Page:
The Supreme Court rejected an application to appeal against a ruling to ask the European Court if the UK can unilaterally revoke its Article 50 request to leave the European Union.
The Court of Session in Edinburgh ruled in September to refer the question to the Court of Justice of the EU (CJEU) after a case brought by a cross-party group of politicians.
The CJEU applied its expedited procedure, as requested by the Court of Session, to the case and an oral hearing is fixed for November 27.
The UK Government made an application for permission to appeal against the ruling to the Supreme Court, which was refused by Lord Carloway, Scotland’s most senior judge and Lord President of the Court of Session in Edinburgh, earlier this month.
The Secretary of State for Exiting the European Union then applied directly to the Supreme Court for permission to appeal.
But, refusing permission on Tuesday, the court said the Court of Session’s ruling was “preliminary” and it would still have to reach a judgment on the matter after the European Court has given guidance.
A statement issued by the Supreme Court said: “It is clear that this interlocutor did not constitute a final judgment.”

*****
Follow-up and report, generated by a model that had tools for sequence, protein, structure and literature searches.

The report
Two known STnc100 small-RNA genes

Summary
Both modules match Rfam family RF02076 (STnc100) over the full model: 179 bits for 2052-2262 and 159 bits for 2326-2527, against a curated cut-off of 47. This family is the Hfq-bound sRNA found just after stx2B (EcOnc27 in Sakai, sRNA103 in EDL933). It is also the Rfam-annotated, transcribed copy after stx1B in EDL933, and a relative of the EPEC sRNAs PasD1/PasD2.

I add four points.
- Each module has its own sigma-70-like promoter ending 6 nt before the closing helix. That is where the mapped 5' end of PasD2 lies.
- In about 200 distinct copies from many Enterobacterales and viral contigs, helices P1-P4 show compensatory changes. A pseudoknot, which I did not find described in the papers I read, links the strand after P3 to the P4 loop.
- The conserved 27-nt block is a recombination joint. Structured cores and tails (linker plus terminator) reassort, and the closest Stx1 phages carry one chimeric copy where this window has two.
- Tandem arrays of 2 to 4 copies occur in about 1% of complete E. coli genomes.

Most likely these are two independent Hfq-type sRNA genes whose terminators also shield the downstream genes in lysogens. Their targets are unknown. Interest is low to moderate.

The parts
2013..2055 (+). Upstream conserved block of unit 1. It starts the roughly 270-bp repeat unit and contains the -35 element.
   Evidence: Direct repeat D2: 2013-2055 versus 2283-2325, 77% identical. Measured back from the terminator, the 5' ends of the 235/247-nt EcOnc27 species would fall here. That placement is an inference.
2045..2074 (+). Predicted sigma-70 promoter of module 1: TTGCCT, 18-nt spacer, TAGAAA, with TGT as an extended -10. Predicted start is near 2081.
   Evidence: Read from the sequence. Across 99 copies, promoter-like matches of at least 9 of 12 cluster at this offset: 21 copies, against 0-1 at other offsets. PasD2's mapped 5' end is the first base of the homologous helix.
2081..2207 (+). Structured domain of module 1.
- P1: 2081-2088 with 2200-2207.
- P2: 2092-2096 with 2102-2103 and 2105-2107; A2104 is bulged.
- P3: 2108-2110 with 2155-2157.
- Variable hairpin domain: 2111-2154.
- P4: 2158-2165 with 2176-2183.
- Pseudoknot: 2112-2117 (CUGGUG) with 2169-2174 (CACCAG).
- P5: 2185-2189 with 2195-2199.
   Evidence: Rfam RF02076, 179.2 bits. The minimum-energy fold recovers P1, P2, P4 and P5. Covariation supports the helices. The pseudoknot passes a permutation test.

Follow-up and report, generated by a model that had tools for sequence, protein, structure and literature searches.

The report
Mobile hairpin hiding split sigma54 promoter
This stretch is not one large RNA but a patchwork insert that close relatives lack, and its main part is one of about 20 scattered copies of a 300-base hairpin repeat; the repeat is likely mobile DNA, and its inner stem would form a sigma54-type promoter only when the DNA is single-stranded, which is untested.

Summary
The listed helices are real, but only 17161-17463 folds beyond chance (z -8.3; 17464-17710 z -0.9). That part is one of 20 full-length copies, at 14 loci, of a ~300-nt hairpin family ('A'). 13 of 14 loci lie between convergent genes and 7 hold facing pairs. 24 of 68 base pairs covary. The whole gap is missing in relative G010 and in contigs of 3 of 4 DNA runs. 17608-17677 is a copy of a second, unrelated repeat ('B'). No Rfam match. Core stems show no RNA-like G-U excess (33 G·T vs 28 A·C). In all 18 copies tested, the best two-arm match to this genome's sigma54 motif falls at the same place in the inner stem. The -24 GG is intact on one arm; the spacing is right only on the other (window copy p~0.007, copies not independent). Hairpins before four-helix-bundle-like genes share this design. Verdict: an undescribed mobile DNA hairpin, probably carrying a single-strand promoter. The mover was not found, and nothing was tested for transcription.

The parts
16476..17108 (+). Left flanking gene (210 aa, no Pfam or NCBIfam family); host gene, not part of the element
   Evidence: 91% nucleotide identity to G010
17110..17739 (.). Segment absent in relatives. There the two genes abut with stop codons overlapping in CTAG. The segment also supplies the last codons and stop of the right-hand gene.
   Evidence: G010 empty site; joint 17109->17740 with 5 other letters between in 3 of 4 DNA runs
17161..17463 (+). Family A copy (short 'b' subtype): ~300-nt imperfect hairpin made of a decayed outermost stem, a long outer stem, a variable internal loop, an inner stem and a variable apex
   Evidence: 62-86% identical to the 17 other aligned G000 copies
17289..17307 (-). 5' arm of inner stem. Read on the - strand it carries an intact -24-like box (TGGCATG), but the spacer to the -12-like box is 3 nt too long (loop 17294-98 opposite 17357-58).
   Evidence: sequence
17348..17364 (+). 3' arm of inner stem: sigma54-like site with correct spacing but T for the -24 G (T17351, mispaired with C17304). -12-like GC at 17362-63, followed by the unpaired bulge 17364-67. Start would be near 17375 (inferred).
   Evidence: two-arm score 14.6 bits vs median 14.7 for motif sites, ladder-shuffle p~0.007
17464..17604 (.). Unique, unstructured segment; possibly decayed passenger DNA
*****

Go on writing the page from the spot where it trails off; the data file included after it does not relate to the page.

It continued: “As both this court and the CJEU have made clear, the preliminary ruling is merely a step in the proceedings pending before the national court - it is that court which must assume responsibility for the subsequent judicial decision.
“It will therefore remain for the Court of Session to give judgment in the light of the preliminary ruling, any relevant facts which it may find and any relevant rules of domestic law. It is only then that there will be a final judgment in the proceedings.”
The initial case had been brought by a cross-party group of politicians: Labour MEPs Catherine Stihler and David Martin, Joanna Cherry MP and Alyn Smith MSP of the SNP, and Green MSPs Andy Wightman and Ross Greer, together with lawyer Jolyon Maugham QC, director of the Good Law Project.
The decision from Lord Carloway in September overturned an earlier ruling when it was said the question being asked was “hypothetical” and the conditions for a reference had not been met.
But Lord Carloway said it was “clear” MPs at Westminster would be required to vote on any Brexit deal agreed by the EU and the UK Government.
In his September judgment, Lord Carloway was clear the CJEU would not be advising Parliament on “what it must or ought to do”.
Instead, he said it would be “merely declaring the law as part of its central function”, adding that “how Parliament chooses to react to that declarator is entirely a matter for that institution”.